Every ten years, Members of Congress often face an existential threat to their reelection that is mostly out of their hands: redistricting. From intra-party primary fights, that sometimes get very ugly, to running in radically different districts, redistricting in a handful of key states could easily flip control of Congress on its own. As the AP points out, southern states in particular will be a key focus in terms of redistricting in advance of the 118th Congress in 2023. “The states from North Carolina to Texas are set to be premier battlegrounds for the once-a-decade fight over redrawing political boundaries. That’s thanks to a population boom, mostly one-party rule and a new legal landscape that removes federal oversight and delays civil rights challenges.”

That “population boom” has been centered in the south, with North Carolina set to gain an additional congressional district, Florida likely to have two additional seats with as many as three in Texas. “Republicans control the legislatures in those states, leaving them with near total say over what those new districts will look like — a sharp contrast to other parts of the country where state governments are either divided or where nonpartisan commissions are tasked with redrawing Congressional and state legislative lines.” Currently, Democrats have just a one seat majority with five vacant seats, so those six new districts could be a majority-maker for Team Red.

In the five months that have passed since the election, GOP state legislators have introduced at least 253 bills restricting various voting rights in 43 states, according to the Brennan Center for Justice at NYU. These lawmakers are taking advantage of the perception held by a large majority of Republican voters who believe that 2020 was not a legitimate election. According to polling from Quinnipiac in the weeks following the election, 77 percent of Republicans believe that there was widespread voter fraud, due in large part to Trump’s “big lie.”

In Texas alone, “more than two dozen GOP-sponsored elections bills are under consideration in the legislature as lawmakers seek to tighten ID requirements and voter rolls, limit early voting and up the penalties for errors.” Many of those bills would limit early voting, particularly in urban, Democrat-rich vote areas. With all of these potential roadblocks for voting in 2022, Democrats have focused their attention on HR 1 – the “For the People Act” that recently passed the House of Representatives. The legislation would mandate two weeks of early voting, no excuse absentee mail voting and automatic voter registration in every state, but it faces an uphill battle in the Senate with committee hearings slated to begin on March 24. If Democrats fail in their attempts to pass HR1 or similar voting rights legislation, GOP-backed efforts on the state level will certainly have an outsized effect on midterm election turnout.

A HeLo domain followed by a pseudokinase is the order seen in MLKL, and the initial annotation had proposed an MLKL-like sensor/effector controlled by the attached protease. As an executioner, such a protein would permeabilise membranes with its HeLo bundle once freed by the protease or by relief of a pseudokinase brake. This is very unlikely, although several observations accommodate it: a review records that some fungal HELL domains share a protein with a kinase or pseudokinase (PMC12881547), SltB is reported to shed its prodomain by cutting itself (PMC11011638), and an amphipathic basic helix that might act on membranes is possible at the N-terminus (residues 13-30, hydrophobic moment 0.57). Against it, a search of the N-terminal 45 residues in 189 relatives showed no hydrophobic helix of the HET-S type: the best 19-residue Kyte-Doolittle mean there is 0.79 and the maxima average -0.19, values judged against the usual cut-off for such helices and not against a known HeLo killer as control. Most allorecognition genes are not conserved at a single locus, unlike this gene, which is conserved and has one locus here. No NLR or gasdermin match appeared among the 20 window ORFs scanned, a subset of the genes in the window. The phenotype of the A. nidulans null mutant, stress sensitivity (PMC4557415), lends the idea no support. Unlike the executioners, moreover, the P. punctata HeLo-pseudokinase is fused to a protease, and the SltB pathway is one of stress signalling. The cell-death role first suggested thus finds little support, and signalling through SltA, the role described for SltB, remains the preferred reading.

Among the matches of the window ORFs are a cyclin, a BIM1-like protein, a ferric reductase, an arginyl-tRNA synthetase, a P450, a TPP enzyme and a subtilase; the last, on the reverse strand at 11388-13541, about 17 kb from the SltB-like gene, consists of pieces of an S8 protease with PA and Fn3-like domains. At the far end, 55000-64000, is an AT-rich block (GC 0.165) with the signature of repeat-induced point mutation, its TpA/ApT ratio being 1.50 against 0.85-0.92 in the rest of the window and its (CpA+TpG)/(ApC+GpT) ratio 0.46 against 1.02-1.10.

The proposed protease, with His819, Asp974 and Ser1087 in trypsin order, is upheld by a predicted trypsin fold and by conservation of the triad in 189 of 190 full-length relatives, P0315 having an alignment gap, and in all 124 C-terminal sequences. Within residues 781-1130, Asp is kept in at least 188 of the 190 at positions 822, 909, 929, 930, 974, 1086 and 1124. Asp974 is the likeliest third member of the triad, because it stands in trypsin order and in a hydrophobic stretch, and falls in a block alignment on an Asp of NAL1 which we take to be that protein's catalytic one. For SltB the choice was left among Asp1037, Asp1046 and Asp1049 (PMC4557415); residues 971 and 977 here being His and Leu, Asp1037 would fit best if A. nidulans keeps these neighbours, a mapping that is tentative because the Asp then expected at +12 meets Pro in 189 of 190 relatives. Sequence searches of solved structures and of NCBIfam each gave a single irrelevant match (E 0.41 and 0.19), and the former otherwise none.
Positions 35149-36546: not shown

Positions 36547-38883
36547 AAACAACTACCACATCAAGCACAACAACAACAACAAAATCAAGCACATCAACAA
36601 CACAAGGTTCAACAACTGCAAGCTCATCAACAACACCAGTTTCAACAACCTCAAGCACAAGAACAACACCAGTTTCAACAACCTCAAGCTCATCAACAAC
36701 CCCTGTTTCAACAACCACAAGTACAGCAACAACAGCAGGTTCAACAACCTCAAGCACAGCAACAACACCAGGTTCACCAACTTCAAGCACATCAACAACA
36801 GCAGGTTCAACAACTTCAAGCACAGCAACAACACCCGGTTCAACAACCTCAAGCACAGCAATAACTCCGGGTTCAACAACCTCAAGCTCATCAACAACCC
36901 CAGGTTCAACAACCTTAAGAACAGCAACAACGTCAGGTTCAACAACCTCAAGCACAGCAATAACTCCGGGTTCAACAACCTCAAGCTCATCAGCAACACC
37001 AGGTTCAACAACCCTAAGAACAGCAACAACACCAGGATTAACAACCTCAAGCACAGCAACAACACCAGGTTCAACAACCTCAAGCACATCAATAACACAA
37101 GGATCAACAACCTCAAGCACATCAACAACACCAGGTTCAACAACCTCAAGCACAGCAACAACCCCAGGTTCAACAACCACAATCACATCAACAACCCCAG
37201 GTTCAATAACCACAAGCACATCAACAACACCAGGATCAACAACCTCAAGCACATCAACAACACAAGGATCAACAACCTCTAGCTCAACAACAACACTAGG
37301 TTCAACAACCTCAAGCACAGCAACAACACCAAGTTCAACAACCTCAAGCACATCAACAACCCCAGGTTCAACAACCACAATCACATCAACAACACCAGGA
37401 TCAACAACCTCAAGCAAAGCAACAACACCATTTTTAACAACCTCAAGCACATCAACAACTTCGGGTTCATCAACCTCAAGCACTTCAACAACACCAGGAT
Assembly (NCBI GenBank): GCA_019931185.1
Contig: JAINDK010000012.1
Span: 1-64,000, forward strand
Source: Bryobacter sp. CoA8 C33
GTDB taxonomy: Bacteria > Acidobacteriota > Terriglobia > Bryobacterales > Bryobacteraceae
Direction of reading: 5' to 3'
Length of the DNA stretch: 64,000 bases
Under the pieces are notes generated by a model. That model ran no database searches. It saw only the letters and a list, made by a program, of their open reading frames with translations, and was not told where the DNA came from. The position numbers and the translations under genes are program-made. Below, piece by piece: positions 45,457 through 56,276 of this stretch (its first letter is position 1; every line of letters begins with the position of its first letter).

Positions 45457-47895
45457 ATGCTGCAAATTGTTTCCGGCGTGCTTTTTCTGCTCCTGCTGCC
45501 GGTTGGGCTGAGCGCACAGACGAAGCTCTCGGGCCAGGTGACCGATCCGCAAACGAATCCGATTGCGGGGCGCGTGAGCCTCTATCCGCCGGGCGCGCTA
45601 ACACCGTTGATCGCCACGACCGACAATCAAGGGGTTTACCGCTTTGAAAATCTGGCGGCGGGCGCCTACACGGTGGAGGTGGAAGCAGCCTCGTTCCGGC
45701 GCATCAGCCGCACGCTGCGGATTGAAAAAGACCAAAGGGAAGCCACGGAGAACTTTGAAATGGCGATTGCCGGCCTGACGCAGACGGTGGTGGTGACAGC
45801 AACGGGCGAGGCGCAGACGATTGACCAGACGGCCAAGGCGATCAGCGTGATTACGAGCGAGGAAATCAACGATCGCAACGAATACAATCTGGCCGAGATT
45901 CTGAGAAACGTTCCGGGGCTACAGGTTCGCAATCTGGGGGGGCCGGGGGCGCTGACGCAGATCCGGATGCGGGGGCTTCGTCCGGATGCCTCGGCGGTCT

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Included in the “For the People Act” are efforts to also curtail the outsized role of “dark money” groups by requiring them to “disclose political donations over a certain amount.” Outside spending will always have an effect on campaigns and races, but more troubling for the GOP is the decision by many leading corporate PACs to either suspend or scale back their political giving in the wake of the Jan. 6 riot at the Capitol. Over the past two cycles, Corporate PACs have fueled House and Senate candidates’ coffers, with the majority of funds going to GOP members. Over the past decade, Democrats have built an impressive grassroots donation program that has powered both the Democratic Congressional Campaign Committee and its counterpart in the senate, the Democratic Senatorial Campaign Committee. Republicans have built similarly strong operations, but still rely more on corporate campaign donations and PACs, which have seen a drop of 98 percent in political giving in January 2021 as compared to January 2020.